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Genesis 45:1

    Genesis 45:1 Translations

    King James Version (KJV)

    Then Joseph could not refrain himself before all them that stood by him; and he cried, Cause every man to go out from me. And there stood no man with him, while Joseph made himself known unto his brethren.

    American King James Version (AKJV)

    Then Joseph could not refrain himself before all them that stood by him; and he cried, Cause every man to go out from me. And there stood no man with him, while Joseph made himself known to his brothers.

    American Standard Version (ASV)

    Then Joseph could not refrain himself before all them that stood before him; and he cried, Cause every man to go out from me. And there stood no man with him, while Joseph made himself known unto his brethren.

    Basic English Translation (BBE)

    Then Joseph, unable to keep back his feelings before those who were with him, gave orders for everyone to be sent away, and no one was present when he made clear to his brothers who he was.

    Webster's Revision

    Then Joseph could not refrain himself before all them that stood before him; and he cried, Cause every man to go out from me. And there stood no man with him, while Joseph made himself known unto his brethren.

    World English Bible

    Then Joseph couldn't control himself before all those who stood before him, and he cried, "Cause everyone to go out from me!" No one else stood with him, while Joseph made himself known to his brothers.

    English Revised Version (ERV)

    Then Joseph could not refrain himself before all them that stood by him; and he cried, Cause every man to go out from me. And there stood no man with him, while Joseph made himself known unto his brethren.

    Clarke's Commentary on Genesis 45:1

    Joseph could not refrain himself - The word התאפק hithappek is very emphatic; it signifies to force one's self, to do something against nature, to do violence to one's self. Joseph could no longer constrain himself to act a feigned part - all the brother and the son rose up in him at once, and overpowered all his resolutions; he felt for his father, he realized his disappointment and agony; and he felt for his brethren, "now at his feet submissive in distress;" and, that he' might give free and full scope to his feelings, and the most ample play of the workings of his affectionate heart, he ordered all his attendants to go out, while he made himself known to his brethren. "The beauties of this chapter," says Dr. Dodd, "are so striking, that it would be an indignity to the reader's judgment to point them out; all who can read and feel must be sensible of them, as there is perhaps nothing in sacred or profane history more highly wrought up, more interesting or affecting."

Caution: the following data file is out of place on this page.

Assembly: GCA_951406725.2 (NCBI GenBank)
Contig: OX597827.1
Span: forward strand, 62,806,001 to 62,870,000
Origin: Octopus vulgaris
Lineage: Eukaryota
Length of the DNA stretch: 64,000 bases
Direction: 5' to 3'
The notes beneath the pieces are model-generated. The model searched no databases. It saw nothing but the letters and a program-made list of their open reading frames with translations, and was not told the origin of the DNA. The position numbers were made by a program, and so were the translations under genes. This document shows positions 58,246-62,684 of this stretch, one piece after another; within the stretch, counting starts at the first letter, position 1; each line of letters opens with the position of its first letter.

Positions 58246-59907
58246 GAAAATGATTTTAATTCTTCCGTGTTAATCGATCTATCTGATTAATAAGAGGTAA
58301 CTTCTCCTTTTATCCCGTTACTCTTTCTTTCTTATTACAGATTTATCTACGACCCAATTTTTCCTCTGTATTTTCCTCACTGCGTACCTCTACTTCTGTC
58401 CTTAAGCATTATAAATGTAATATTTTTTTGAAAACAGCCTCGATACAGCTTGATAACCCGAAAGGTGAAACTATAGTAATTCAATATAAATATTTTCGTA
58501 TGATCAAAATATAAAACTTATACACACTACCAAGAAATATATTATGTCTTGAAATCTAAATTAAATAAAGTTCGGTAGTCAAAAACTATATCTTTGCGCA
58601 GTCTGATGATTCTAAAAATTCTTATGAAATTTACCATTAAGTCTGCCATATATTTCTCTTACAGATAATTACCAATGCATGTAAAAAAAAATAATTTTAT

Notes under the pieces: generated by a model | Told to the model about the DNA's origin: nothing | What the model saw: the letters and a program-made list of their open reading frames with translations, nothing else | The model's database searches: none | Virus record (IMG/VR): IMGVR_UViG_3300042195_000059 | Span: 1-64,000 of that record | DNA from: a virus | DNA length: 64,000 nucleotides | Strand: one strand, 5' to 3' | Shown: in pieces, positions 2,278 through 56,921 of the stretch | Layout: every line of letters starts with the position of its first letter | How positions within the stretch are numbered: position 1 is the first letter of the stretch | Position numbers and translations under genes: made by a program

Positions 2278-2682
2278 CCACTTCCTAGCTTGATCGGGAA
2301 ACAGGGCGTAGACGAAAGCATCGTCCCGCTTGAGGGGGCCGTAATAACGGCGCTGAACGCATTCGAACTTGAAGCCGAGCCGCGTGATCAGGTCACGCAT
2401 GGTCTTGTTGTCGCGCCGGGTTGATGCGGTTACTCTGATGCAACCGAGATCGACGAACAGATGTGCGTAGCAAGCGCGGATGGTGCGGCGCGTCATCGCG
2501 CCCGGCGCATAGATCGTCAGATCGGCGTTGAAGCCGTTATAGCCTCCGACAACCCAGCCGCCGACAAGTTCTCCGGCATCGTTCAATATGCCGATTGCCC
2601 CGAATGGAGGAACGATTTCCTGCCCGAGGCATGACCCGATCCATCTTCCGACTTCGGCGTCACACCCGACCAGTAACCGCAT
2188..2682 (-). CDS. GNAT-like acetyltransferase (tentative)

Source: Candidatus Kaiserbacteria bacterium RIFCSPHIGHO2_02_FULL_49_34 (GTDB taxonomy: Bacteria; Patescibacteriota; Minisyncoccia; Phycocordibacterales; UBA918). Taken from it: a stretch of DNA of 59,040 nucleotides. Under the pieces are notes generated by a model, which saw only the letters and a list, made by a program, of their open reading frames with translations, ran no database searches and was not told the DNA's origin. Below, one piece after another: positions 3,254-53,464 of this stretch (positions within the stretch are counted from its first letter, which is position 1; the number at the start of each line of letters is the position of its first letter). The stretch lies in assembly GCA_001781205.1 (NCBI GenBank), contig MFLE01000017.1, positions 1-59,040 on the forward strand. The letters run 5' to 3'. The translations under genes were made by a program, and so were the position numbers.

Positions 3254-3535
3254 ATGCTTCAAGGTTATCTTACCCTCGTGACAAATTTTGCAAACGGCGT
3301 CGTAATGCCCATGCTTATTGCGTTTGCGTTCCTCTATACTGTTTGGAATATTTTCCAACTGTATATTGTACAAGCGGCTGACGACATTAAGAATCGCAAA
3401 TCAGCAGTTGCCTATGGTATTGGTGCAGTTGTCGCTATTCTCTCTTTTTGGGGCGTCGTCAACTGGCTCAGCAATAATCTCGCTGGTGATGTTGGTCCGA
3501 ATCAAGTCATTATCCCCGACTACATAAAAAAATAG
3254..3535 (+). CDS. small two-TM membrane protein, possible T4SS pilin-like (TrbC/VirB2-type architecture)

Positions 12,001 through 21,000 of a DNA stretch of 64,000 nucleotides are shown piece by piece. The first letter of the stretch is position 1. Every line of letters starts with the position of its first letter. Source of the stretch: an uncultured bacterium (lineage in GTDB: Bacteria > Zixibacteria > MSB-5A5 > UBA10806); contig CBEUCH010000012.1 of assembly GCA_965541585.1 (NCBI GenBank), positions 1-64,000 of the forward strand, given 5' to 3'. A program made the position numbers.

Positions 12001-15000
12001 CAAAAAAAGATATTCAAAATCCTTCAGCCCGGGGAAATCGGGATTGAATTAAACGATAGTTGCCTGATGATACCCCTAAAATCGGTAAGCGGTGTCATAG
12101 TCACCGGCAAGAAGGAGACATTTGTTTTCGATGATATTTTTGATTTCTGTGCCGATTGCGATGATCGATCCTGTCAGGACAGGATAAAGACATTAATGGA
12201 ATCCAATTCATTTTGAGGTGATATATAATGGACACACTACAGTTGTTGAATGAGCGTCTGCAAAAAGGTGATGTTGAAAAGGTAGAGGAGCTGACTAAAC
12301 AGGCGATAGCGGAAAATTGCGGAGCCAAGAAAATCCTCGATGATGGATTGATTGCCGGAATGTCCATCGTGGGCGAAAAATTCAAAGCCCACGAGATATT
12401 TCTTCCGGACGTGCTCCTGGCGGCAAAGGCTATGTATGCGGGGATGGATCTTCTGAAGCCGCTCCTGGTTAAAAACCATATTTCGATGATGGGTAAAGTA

Barnes' Notes on Genesis 45:1

    Joseph now reveals to his brothers the astonishing fact that he himself, their long-lost brother, stands before them. "He could not refrain himself." Judah has painted the scene at home to the life; and Joseph can hold out no longer. "Have every man out from me." Delicacy forbids the presence of strangers at this unrestrained outburst of tender emotion among the brothers. Besides, the workings of conscience, bringing up the recollections of the past, and the errors, to which some reference is now unavoidable, are not to be unveiled to the public eye. "He lifted up his voice in weeping." The expression of the feelings is free and uncontrolled in a simple and primitive state of society. This prevails still in the East. And Mizraim heard. The Egyptians of Joseph's house would hear, and report to others, this unusual utterance of deep feeling. "I am Joseph." The natural voice, the native tongue, the long-remembered features, would, all at once, strike the apprehension of the brothers.

    The remembrance of their crime, the absolute power of Joseph, and the justice of revenge, would rush upon their minds. No wonder they were silent and troubled at his presence. "Is my father yet alive?" This question shows where Joseph's thoughts were. He had been repeatedly assured of his father's welfare. But the long absence and the yearning of a fond heart bring the question up again. It was reassuring to the brethren, as it was far away from any thought of their fault or their punishment. "Come near unto me." Joseph sees the trouble of his brothers, and discerns its cause. He addresses them a second time, and plainly refers to the fact of their having sold him. He points out that this was overruled of God to the saving of life; and, hence, that it was not they, but God who had mercifully sent him to Egypt to preserve all their lives. "For these two years." Hence, we perceive that the sons of Jacob obtained a supply, on the first occasion, which was sufficient for a year. "To leave to you a remnant in the land."

    This is usually and most naturally referred to a surviving portion of their race. "Father to Pharaoh;" a second author of life to him. Having touched very slightly on their transgression, and endeavored to divert their thoughts to the wonderful providence of God displayed in the whole affair, he lastly preoccupies their minds with the duty and necessity of bringing down their father and all their families to dwell in Egypt. "In the land of Goshen." This was a pasture land on the borders of Egypt and Arabia, perhaps at some distance from the Nile, and watered by the showers of heaven, like their own valleys. He then appeals to their recollections and senses, whether he was not their very brother Joseph. "My mouth that speaketh unto you;" not by an interpreter, but with his own lips, and in their native tongue. Having made this needful and reassuring explanation, he breaks through all distance, and falls upon Benjamin's neck and kisses him, and all his other brothers; after which their hearts are soothed, and they speak freely with him.